Eight Reasons Retrospectives Fail


Retrospectives work for most teams, yet some teams are convinced that retrospectives will never work for them. When Esther Derby came across several of these teams for which retrospectives had failed, she questioned why and discovered eight common reasons for those failures. In this column, she details these eight reasons and offers solutions for each one.

I've seen retrospectives help teams make major improvements. Yet, each time I talk to a group about retrospectives, someone always tells me, "We tried retrospectives, and they don't work for us." Why?

My inquiries revealed eight common reasons behind retrospective failures. Some failures happen before the retrospective starts, some happen during the retrospective, and some relate to how teams follow through on retrospective results. The good news is that most of the problems are relatively easy to fix.

1. No Preparation
Every significant working session or meeting requires preparation, and retrospectives are no exception. Showing up for a meeting with no idea of how the group will use the time is a waste of everyone's time and results in unbounded discussions that lead nowhere. Take time to prepare an agenda that will help the team reach their goal.

2. No Focus
Every retrospective needs a focus. The focus describes the territory the team will explore, without specifying an outcome. For example, many teams start with a focus of "continuous improvement." That may suffice for a while, but after a few retrospectives the team may run out of things to say. Sharpening the focus will help the team delve deeper. Choose a focus that reflects the challenges of the previous iteration or period of work. For example, if the team members found that the stories they selected were under-defined, they might focus on "improving our work with the product owner to groom the backlog."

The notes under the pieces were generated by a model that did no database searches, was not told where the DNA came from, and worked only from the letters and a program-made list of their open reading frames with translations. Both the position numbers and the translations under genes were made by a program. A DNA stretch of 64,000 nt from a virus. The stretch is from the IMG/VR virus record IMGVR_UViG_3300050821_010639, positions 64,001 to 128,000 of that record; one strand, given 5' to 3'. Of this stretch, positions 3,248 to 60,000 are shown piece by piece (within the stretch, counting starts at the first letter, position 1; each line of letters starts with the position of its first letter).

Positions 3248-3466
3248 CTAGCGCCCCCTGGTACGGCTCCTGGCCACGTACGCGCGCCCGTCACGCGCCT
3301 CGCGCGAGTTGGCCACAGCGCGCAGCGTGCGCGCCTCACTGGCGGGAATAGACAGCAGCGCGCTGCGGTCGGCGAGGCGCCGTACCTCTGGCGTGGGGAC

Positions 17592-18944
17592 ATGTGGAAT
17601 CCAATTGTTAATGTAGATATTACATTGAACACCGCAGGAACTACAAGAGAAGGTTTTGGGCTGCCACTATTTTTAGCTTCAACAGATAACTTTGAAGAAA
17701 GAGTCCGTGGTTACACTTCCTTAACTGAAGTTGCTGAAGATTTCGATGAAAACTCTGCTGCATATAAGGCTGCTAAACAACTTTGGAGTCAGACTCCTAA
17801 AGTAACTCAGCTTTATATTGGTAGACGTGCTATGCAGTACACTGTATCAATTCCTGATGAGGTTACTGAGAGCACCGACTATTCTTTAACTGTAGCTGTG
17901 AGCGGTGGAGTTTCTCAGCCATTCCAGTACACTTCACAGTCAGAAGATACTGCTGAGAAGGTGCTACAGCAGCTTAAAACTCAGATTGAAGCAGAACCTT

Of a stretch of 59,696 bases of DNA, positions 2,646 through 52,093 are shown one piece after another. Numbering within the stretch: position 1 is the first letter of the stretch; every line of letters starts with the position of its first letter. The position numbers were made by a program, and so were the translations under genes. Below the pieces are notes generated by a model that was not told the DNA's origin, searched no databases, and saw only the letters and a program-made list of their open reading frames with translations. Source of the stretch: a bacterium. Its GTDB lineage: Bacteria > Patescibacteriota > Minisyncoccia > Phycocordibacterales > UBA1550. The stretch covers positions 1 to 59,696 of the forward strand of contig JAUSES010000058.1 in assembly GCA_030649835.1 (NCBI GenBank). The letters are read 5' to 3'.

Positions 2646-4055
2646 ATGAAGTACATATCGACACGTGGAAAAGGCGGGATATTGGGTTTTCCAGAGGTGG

3. Failing to Gather Data
Many teams start their retrospectives by asking: "What did we do well?"; "What should we do differently?"; or some other variation. These aren't bad questions, but they shouldn't be the first questions. These questions ask for analysis and conclusion, which require data. Before talking about what to change, talk about what happened. Choose data related to the focus of the retrospective. Depending on the type of data, it may help to pull the information together prior to the retrospective meeting. When the team skips gathering data, each team member is analyzing his or her own perceptions. When the team members review data together, they are creating a more complete picture of the iteration and are all working from the same data.

4. One or Two People Dominating the Conversation
It's easy for one or two dominate personalities to control an unstructured discussion and push their ideas onto the group. The result is that the team as a whole doesn't fully accept the retrospective outcome. Rather than leave the field open, use pair or small-group discussions and activities to ensure that everyone has a chance to participate and contribute to the result.